10. Black Raspberry Extract Increased Circulating Endothelial Progenitor Cells and Improved Arterial Stiffness in Patients with Metabolic Syndrome: A Randomized Controlled Trial.

    PubMed

    Jeong, Han Saem; Kim, Sohyeon; Hong, Soon Jun; Choi, Seung Cheol; Choi, Ji-Hyun; Kim, Jong-Ho; Park, Chi-Yeon; Cho, Jae Young; Lee, Tae-Bum; Kwon, Ji-Wung; Joo, Hyung Joon; Park, Jae Hyoung; Yu, Cheol Woong; Lim, Do-Sun

    2016-04-01

    Administration of black raspberry (Rubus occidentalis) is known to improve vascular endothelial function in patients at a high risk for cardiovascular (CV) disease. We investigated short-term effects of black raspberry on circulating endothelial progenitor cells (EPCs) and arterial stiffness in patients with metabolic syndrome. Patients with metabolic syndrome (n = 51) were prospectively randomized into the black raspberry group (n = 26, 750 mg/day) and placebo group (n = 25) during the 12-week follow-up. Central blood pressure, augmentation index, and EPCs, such as CD34/KDR(+), CD34/CD117(+), and CD34/CD133(+), were measured at baseline and at 12-week follow-up. Radial augmentation indexes were significantly decreased in the black raspberry group compared to the placebo group (-5% ± 10% vs. 3% ± 14%, P < .05). CD34/CD133(+) cells at 12-week follow-up were significantly higher in the black raspberry group compared to the placebo group (19 ± 109/μL vs. -28 ± 57/μL, P < .05). Decreases from the baseline in interleukin-6 (IL-6) and tumor necrosis factor-alpha (TNF-α) were significantly greater in the black raspberry group compared to the placebo group (-0.5 ± 1.4 pg/mL vs. -0.1 ± 1.1 pg/mL, P < .05 and -5.4 ± 4.5 pg/mL vs. -0.8 ± 4.0 pg/mL, P < .05, respectively). Increases from the baseline in adiponectin levels (2.9 ± 2.1 μg/mL vs. -0.2 ± 2.5 μg/mL, P < .05) were significant in the black raspberry group. The use of black raspberry significantly lowered the augmentation index and increased circulating EPCs, thereby improving CV risks in patients with metabolic syndrome during the 12-week follow-up. PMID:26891216

  11. Central retinal artery occlusion as an iatrogenic complication of treatment of central giant cell granuloma of the mandible.

    PubMed

    Bhushan, Gauri; Gupta, Swati; Bhushan, Urvashi; Raina, Usha Kaul

    2015-05-01

    Although intralesional steroid injection as a management option for central giant cell granuloma (CGCG) of the mandible is considered safe, central retinal artery occlusion (CRAO) is a dreaded and previously unreported complication of this treatment modality. The present report discusses an iatrogenic case of CRAO that occurred during treatment of CGCG of the mandible. This complication occurred because of high injection pressure, which led to the opening of an anastomosis between the external and internal carotid arteries, leading to retrograde migration of steroid particles. This report also highlights the importance of being aware of such communications.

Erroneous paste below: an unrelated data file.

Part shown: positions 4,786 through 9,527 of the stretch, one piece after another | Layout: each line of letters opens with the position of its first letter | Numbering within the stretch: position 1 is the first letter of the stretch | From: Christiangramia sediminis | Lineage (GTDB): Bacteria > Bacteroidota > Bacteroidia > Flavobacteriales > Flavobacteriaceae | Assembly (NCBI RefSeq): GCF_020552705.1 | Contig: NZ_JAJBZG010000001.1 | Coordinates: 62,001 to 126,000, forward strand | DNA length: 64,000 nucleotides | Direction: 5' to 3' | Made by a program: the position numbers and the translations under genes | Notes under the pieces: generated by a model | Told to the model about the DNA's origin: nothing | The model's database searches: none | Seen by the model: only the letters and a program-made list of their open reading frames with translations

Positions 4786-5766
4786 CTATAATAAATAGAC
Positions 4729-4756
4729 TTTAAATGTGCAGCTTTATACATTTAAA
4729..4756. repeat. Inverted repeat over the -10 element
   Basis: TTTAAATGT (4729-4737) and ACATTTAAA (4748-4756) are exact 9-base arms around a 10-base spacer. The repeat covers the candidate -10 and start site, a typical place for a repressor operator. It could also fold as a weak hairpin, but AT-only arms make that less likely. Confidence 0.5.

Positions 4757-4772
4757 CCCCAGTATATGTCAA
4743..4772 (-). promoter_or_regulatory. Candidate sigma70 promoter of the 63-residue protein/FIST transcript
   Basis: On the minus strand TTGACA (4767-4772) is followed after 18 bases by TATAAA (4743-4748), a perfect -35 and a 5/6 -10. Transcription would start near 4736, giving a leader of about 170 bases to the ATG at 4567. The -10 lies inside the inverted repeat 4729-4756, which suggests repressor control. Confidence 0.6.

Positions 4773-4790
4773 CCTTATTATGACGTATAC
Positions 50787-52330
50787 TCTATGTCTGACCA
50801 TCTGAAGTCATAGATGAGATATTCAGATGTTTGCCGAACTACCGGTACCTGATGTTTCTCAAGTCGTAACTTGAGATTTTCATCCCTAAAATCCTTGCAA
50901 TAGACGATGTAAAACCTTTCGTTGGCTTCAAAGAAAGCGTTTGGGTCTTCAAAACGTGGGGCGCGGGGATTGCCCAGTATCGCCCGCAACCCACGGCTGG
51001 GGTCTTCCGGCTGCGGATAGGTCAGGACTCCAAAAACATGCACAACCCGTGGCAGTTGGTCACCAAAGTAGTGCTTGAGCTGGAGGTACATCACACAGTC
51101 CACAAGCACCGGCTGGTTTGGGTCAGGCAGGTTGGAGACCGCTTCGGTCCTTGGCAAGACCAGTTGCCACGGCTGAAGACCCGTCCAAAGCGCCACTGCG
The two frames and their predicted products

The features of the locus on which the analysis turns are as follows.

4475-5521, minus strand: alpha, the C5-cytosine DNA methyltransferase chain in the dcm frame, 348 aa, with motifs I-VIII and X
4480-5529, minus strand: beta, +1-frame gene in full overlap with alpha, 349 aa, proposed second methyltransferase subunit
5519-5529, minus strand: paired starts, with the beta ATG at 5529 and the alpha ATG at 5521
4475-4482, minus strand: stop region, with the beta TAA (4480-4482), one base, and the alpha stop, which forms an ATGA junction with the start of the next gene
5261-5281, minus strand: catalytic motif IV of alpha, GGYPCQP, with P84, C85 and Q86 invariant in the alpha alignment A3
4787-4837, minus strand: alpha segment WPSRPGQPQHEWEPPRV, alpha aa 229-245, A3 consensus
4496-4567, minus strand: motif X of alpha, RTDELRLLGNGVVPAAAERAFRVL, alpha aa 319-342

12. l-Citrulline supplementation attenuates blood pressure, wave reflection and arterial stiffness responses to metaboreflex and cold stress in overweight men.

    PubMed

    Figueroa, Arturo; Alvarez-Alvarado, Stacey; Jaime, Salvador J; Kalfon, Roy

    2016-07-01

    Combined isometric exercise or metaboreflex activation (post-exercise muscle ischaemia (PEMI)) and cold pressor test (CPT) increase cardiac afterload, which may lead to adverse cardiovascular events. l-Citrulline supplementation (l-CIT) reduces systemic arterial stiffness (brachial-ankle pulse wave velocity (baPWV)) at rest and aortic haemodynamic responses to CPT. The aim of this study was to determine the effect of l-CIT on aortic haemodynamic and baPWV responses to PEMI+CPT. In all, sixteen healthy, overweight/obese males (age 24 (sem 6) years; BMI 29·3 (sem 4·0) kg/m2) were randomly assigned to placebo or l-CIT (6 g/d) for 14 d in a cross-over design. Brachial and aortic systolic blood pressure (SBP), diastolic blood pressure (DBP) and mean arterial pressure (MAP), aortic augmented pressure (AP), augmentation index (AIx), baPWV, reflection timing (Tr) and heart rate (HR) were evaluated at rest and during isometric handgrip exercise (IHG), PEMI and PEMI+CPT at baseline and after 14 d. No significant effects were evident after l-CIT at rest. l-CIT attenuated the increases in aortic SBP and wave reflection (AP and AIx) during IHG, aortic DBP, MAP and AIx during PEMI, and aortic SBP, DBP, MAP, AP, AIx and baPWV during PEMI+CPT compared with placebo. HR and Tr were unaffected by l-CIT in all conditions. Our findings demonstrate that l-CIT attenuates aortic blood pressure and wave reflection responses to exercise-related metabolites. Moreover, l-CIT attenuates the exaggerated arterial stiffness response to combined metaboreflex activation and cold exposure, suggesting a protective effect against increased cardiac afterload during physical stress.

  13. l-Citrulline supplementation attenuates blood pressure, wave reflection and arterial stiffness responses to metaboreflex and cold stress in overweight men.

    PubMed

    Figueroa, Arturo; Alvarez-Alvarado, Stacey; Jaime, Salvador J; Kalfon, Roy

    2016-07-01